19 May 2011

"Eugene Onegin," Ch.7 I-III, by Alexander Pushkin (trans. Vladimir Nabokov)

Chased by the vernal beams,
down the surrounding hills the snows already
have run in turbid streams
onto the inundated fields.
With a serene smile, nature
greets through her sleep the morning of the year.
Bluing, the heavens shine.
The yet transparent woods
as if with down are greening.
The bee flies from her waxen cell
after the tribute of the field.
The dales grow dry and varicolored.
The herds are noisy, and the nightingale
has sung already in the hush of nights.

How sad your apparition is to me,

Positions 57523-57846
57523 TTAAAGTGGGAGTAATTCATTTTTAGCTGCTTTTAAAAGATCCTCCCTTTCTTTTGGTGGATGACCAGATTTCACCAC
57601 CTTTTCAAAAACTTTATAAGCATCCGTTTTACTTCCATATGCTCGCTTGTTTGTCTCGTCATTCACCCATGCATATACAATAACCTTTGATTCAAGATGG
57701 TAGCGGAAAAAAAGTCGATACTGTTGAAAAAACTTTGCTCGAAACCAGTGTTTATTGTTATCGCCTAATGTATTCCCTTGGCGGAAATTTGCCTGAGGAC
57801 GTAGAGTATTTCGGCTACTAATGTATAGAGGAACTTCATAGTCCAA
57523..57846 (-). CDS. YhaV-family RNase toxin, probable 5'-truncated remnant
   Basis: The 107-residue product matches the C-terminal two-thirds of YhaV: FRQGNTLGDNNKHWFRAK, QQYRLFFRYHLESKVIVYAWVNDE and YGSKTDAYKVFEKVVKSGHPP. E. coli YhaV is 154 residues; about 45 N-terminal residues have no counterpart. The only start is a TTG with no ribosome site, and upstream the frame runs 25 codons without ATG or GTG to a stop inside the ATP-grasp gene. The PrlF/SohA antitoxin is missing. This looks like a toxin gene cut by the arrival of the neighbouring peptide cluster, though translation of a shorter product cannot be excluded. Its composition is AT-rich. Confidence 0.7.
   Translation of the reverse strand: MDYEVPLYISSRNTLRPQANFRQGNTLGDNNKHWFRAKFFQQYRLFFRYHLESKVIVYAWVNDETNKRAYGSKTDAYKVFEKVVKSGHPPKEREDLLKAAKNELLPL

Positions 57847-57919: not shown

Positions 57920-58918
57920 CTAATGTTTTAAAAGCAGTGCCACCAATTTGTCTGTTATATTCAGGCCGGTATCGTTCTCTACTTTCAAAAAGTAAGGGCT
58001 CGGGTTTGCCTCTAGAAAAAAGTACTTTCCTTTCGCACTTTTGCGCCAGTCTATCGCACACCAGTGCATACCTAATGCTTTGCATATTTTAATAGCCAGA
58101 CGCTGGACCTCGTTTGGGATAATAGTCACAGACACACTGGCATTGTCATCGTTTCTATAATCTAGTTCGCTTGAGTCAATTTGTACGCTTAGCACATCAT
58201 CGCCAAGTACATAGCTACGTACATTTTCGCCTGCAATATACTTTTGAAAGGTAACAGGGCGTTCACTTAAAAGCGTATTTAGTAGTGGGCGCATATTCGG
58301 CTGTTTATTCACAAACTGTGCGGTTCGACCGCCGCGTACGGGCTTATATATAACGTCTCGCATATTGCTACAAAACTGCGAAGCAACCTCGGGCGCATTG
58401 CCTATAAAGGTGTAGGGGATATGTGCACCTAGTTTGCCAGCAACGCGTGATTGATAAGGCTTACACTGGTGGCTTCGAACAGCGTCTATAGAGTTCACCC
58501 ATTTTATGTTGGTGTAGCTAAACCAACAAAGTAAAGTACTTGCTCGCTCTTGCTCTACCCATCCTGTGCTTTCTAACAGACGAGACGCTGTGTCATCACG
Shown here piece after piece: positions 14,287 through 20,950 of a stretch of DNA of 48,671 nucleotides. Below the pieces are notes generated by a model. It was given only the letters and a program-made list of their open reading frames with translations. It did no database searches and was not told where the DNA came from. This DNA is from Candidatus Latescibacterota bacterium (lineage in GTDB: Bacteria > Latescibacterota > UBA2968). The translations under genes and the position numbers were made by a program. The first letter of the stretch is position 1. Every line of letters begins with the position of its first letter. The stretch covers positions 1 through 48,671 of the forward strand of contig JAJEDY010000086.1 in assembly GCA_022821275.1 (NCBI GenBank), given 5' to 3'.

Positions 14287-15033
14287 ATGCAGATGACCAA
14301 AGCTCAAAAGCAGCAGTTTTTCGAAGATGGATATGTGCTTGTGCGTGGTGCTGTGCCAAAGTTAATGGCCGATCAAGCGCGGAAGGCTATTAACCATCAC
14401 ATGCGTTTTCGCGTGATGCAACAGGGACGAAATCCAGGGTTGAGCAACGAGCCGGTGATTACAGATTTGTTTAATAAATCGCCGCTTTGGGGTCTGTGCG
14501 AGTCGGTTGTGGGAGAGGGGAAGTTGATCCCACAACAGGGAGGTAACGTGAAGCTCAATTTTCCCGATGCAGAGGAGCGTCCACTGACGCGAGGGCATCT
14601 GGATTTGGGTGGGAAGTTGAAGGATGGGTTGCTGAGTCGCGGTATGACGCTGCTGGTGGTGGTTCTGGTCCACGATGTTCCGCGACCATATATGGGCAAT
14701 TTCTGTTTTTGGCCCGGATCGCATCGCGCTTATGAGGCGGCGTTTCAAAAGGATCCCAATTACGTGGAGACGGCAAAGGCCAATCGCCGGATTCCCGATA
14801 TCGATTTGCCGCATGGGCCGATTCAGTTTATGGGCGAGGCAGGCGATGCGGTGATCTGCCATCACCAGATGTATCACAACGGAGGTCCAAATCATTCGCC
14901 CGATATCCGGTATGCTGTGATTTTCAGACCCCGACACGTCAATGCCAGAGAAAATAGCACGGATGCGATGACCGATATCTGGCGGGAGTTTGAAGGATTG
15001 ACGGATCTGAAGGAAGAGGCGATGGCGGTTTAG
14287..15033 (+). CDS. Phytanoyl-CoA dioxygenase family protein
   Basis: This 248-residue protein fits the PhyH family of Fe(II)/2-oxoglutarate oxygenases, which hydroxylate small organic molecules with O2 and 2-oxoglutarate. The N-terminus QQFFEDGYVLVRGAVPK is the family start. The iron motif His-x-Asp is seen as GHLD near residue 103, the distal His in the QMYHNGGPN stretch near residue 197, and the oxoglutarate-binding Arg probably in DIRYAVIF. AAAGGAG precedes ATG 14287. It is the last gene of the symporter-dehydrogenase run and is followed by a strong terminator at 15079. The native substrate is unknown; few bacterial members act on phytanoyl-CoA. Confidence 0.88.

spring, spring, season of love!
What a dark stir there is
in my soul, in my blood!
With what oppressive tenderness
I revel in the whiff
of spring fanning my face
in the lap of the rural stillness!
Or is enjoyment strange to me,
and all that gladdens, animates,
all that exults and gleams,
casts spleen and languishment
upon a soul long dead
and all looks dark to it?

Or gladdened not by the return
of leaves that perished in the autumn,
a bitter loss we recollect,
harking to the new murmur of the woods;
or with reanimated nature we
compare in troubled thought
the withering of our years,
for which there is no renovation?
Perhaps there comes into our thoughts,
midst a poetic reverie,
some other ancient spring,
which sets our hearts aquiver
with the dream of a distant clime,
a marvelous night, a moon...

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